Chuck Norris: US Public Schools: Progressive Indoctrination Camps (Part 2) Last week, my main point was that liberals couldn't care less about changing anything in public schools because they are producing exactly what liberals want. And that biased programming will deepen in the minds and hearts of America's young people unless we patriots stand up in every community, resist those progressive tides and demand alternatives.

There are ways to improve national academic imbalances. In Part 2 here, I give seven ways to counter that torrent of progressivism. Among the list of correctives that have been proved to work are the following:

1) Vocalize your opinions to local, state and federal representatives that government and unions need to have less of a role in running our children's education and more of a role in supporting parents' educational decisions for their children. Children belong to their parents, not to the government or unions. And parents must retain the right to personalize their children's education as they so wish.

2) Don't blindly accept a public school's or university's education plan based solely upon its name, past reputation or slick marketing. Confront the administration. Ask the hard questions of teachers and professors.

3) If you experience teachers or courses that create an intimidating atmosphere for expressing varied opinions, disparage alternative views, or advance one-sided political or social ideologies, report them to the administration or the school board. And if your concerns aren't heard, go to the district office. If the district doesn't listen, then take your complaints to other parents and the online community by posting blogs or sending mass e-mails. If our government isn't going to hold our academic institutions accountable, then its citizens must.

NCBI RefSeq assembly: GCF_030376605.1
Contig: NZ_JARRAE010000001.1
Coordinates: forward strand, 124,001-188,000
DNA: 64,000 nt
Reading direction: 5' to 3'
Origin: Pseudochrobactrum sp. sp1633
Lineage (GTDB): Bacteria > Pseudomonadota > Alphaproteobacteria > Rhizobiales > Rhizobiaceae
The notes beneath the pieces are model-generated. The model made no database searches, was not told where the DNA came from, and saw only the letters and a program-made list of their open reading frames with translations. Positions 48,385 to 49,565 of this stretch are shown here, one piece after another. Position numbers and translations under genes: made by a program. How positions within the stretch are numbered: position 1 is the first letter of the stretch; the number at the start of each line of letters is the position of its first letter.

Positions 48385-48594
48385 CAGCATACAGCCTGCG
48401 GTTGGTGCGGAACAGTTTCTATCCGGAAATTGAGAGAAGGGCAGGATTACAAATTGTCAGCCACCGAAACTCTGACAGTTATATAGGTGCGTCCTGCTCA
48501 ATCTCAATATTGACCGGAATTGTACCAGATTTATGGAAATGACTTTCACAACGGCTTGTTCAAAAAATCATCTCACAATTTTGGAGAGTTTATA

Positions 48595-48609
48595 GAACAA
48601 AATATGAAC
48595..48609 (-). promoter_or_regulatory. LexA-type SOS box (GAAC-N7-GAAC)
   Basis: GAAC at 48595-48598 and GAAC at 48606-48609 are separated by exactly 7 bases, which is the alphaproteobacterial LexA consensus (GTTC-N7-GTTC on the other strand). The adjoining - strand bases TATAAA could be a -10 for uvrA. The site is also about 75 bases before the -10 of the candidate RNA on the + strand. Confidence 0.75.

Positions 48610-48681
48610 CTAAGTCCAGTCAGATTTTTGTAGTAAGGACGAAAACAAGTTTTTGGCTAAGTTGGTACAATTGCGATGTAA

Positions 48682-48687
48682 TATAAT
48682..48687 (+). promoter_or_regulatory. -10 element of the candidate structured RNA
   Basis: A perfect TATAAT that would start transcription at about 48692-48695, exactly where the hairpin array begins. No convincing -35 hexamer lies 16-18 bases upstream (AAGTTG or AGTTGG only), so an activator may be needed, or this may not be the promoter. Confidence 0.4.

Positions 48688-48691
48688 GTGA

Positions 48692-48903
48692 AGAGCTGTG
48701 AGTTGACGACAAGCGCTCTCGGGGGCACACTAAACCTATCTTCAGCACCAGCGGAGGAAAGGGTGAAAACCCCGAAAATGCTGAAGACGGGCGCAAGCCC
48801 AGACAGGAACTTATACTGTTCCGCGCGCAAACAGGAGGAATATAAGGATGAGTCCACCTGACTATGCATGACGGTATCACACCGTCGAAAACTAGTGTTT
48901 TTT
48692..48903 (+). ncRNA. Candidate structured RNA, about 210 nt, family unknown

4) Encourage local schools and colleges to accept Students For Academic Freedom's "Academic Bill of Rights" and "The Student Bill of Rights," which are located online.

5) Consider starting a countercultural mission by teaching or assisting in a public school, college or university or even in the U.S. Department of Education. Whether or not you have a child in a public school, you still can be an active and vocal part of your school's board, PTA or equivalent. Volunteer to assist in any way that could balance the academic current. Read More: